The UK Warehousing Association (UKWA) has welcomed the government’s change of stance on EU border checks, announced on 12 June.
The association has long insisted that ports simply do not have the capacity to cope with the estimated 200 million additional customs declarations per annum likely to be generated by Brexit, and that this would risk serious supply chain interruption. The government’s announcement that initially a ‘light touch’ approach will be taken, with less rigorous checks on imports, other than controlled goods than originally planned, is therefore ‘pragmatic’, says UKWA CEO Peter Ward.
“We’re pleased that government appears to be listening, albeit somewhat late in the day,” he commented. “Preparation for full declaration on all goods by the end of the year would not have been feasible. We also welcome the announcement of an extra £50m investment for support, recruitment and training of intermediaries to prepare for 1st July 2021, when declarations will be needed for all EU trade”
Inland inspection posts
Another key recommendation from UKWA to government has been to utilise existing inland facilities for customs and inspection checks to relieve the pressure on the ports.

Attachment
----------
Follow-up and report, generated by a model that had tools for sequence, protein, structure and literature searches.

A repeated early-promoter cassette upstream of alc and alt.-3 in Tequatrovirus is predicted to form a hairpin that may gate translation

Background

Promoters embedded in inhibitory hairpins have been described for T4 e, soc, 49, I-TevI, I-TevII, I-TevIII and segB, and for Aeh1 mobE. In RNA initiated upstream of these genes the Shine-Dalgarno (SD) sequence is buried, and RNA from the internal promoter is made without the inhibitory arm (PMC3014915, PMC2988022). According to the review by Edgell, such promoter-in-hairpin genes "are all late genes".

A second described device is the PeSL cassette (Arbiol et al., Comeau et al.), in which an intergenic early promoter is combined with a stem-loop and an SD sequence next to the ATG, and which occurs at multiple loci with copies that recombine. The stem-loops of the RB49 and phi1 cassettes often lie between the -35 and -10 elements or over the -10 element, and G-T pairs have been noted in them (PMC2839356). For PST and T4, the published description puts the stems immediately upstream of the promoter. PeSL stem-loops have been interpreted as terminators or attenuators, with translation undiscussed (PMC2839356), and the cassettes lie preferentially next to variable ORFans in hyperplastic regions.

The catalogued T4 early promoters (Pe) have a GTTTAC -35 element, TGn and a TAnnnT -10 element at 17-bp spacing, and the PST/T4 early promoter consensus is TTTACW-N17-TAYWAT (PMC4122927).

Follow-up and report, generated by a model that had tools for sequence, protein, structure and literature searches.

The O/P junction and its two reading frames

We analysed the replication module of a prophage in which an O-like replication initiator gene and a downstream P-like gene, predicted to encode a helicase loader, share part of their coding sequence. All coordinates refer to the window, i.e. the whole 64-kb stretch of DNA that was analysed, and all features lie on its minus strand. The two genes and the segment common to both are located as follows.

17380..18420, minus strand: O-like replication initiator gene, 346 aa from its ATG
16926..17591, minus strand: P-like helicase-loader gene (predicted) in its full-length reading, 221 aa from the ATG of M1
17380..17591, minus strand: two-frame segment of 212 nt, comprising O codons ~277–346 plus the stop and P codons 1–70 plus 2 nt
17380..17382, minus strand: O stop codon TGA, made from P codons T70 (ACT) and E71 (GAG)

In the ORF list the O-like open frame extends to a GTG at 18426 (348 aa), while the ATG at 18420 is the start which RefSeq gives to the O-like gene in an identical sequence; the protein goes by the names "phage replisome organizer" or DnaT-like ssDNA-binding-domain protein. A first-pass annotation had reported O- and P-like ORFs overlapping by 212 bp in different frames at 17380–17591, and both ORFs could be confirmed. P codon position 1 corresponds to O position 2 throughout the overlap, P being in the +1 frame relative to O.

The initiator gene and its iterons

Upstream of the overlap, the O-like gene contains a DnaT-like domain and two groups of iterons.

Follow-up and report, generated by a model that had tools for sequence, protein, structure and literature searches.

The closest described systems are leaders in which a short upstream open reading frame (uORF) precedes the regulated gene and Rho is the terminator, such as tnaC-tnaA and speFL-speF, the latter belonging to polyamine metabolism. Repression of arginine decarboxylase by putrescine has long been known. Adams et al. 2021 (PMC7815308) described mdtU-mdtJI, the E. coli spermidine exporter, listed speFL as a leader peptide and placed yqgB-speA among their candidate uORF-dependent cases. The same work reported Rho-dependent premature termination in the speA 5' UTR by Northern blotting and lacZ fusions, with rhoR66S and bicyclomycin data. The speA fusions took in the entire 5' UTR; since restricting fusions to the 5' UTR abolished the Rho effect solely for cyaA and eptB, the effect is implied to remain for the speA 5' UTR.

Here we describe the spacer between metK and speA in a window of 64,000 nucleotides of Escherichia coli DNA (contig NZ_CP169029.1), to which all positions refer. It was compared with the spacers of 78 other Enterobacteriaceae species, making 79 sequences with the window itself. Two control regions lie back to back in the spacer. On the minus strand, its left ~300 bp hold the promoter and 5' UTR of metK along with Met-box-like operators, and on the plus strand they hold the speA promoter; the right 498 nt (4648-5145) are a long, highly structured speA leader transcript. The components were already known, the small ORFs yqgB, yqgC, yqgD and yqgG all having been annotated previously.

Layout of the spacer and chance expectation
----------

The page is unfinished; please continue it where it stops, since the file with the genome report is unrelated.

“The government has finally acknowledged that multi-functional inland sites will be required for customs and SPS procedures and has committed to build the necessary infrastructure for inland inspection by the end of June next year,” Ward said. “Our message is that rather than spend taxpayers’ money on extensive state-of-the-art projects, existing facilities could be effectively optimized. Plenty of our members operate customs bonded warehouses and temperature-controlled facilities within reach of the major ro/ro ports. These companies have the experience, skills and labour to provide inspection services and would embrace the opportunity to expand their services. We look forward to further engagement with the government on this issue.”
He concluded that given the government’s determination not to accept any extension of the transition period, this more phased approach constitutes the best comprise for the sector.
“As ever, the devil is in the detail,” Ward said. “We are talking about highly technical and very complex processes; it is vital that the government consults thoroughly with those ‘at the coalface’ to fully understand all implications and a feasible timeline before committing to major change.”
For more information: www.ukwa.org.uk